State of Qatar
Arabic: dawlatu qatar

Independent monarchy in Asia, divided into 9 municipalities (baladiya(t)) with 830,000 inhabitants (2005 estimate) and an area of 11,437 kmē. A census was carried out by March 1, 1997, counting 522,000 inhabitants.
The capital is Doha, which also forms the only effective urban centre of the country; second largest city, Rayyan, is largely a suburb of Doha.
The Day of independence for Qatar is September 3, 1971, when self-governance was gained from Britain. Independence was obtained peacefully and in good cooperation with the former protectors.
The Head of state is Emir Hamad bin Khalifa ath-Thani, cooperating with the Crown prince, Tamim bin Hamad bin Khalifa al-Thani and the Prime minister, Abdullah bin Khalifa al-Thani. There is a National Assembly, which has mainly advisory power, and which consists of 35 members.

Political situation


Qatar has one of the harshest climates in the Persian Gulf. It is very dry, with an annual rainfall of less than 130 mm/year. Summers are long and hot with high humidity, while winters are pleasantly cool in daytime, but can be freezing at night.
Vegetation and wild life is extremely limited, due to climatic conditions. Most animals are small, and adjusted to desert living. Only the north has some vegetation.
Qatar borders Saudi Arabia and United Arab Emirates, while Bahrain’s Hawar Islands is a few kilometres off the Qatari coast.
Qatar is strongly urbanized with 90% of the population living in towns and cities.Life
Qatar is high among MENA countries on the Human Development Index, no. 33 in the world, and no. 3 in the MENA. Qatar scores on a scale with 1 as maximum, 0.910 points.
The currency of Qatar is rials (QAR) which has a fixed rate to the United States $ dollar.
Qatar is presently the world’s richest country measured by GDP per capita; Qatar is here at an incredible 900% higher than world average, almost 5 times that of Saudi Arabia. Qatari economy appears well-managed, avoiding dangerous projects seen in some other oil rich countries in the region.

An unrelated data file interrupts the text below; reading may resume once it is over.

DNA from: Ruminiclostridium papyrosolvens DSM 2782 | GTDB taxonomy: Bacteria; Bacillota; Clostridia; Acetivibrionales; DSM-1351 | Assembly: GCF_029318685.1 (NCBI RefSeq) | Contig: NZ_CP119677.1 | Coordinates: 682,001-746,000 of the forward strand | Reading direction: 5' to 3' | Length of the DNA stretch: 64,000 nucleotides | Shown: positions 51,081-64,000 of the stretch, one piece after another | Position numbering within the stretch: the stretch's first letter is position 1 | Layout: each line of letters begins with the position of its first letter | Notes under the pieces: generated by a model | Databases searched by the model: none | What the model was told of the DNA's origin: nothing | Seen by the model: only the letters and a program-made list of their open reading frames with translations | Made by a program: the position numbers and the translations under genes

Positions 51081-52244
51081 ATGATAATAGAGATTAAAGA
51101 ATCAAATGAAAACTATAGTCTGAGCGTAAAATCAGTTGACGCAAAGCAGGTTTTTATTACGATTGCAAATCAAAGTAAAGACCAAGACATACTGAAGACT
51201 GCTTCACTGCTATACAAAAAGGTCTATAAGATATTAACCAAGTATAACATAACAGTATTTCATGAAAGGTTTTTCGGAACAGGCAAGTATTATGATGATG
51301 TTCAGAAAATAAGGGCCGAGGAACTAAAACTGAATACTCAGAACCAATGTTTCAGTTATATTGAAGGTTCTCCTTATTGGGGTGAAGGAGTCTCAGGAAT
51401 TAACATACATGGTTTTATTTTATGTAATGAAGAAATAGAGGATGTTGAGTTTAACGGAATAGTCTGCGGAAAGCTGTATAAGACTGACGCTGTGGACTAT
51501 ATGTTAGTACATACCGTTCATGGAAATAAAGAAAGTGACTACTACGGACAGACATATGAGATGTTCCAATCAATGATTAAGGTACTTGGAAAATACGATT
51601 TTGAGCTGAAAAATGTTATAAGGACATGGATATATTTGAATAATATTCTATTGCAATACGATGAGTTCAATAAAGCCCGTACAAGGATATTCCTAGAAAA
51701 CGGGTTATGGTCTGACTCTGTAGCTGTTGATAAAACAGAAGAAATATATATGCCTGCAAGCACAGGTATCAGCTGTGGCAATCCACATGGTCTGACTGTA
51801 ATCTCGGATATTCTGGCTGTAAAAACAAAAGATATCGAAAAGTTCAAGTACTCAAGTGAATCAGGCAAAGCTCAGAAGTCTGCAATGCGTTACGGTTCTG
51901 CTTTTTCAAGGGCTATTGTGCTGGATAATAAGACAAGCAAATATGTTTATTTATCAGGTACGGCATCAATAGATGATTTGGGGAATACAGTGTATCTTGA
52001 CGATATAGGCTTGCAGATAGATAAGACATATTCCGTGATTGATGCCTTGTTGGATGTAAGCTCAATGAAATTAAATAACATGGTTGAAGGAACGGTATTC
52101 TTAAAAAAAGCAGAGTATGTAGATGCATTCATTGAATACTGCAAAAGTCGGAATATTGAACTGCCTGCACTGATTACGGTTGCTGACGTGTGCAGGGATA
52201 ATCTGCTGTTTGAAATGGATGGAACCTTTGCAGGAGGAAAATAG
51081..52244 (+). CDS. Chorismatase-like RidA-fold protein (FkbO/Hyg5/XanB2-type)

Qatar has one of the best health care systems in MENA; few countries has a higher frequency of internationally accredited hospitals.

As of 2009, Qatar performs mediocre in terms of education. But efforts in recent years have been put into practice to change this radically. Qatar is clearly the strongest contender in this field in the MENA, and will most likely climb quickly in the years to come.

Qatar is among the countries in the MENA with the higest number of foreign workers. As with other countries, foreign workers have no chance of obtaining citizenship.

Arabic and English are the main languages of Qatar, while the foreign workers often form small communities for sparetime and small business where they use their native tongue.

Even with heavy immigration, Islam remains the main religion of Qatar. Christianity also has a strong presence.

No MENA country has had a stronger population growth in the 20th century than Qatar, perhaps in the whole world. Indigenous population continues to grow quickly; while the size of foreign communities can be controlled politically.

Qatar has the shortest history of all MENA countries, many indicators suggest that it was uninhabited for centuries until the 16th century.
Major cities

Umm Salal Muhammad

List of Cites and Towns

By Tore Kjeilen


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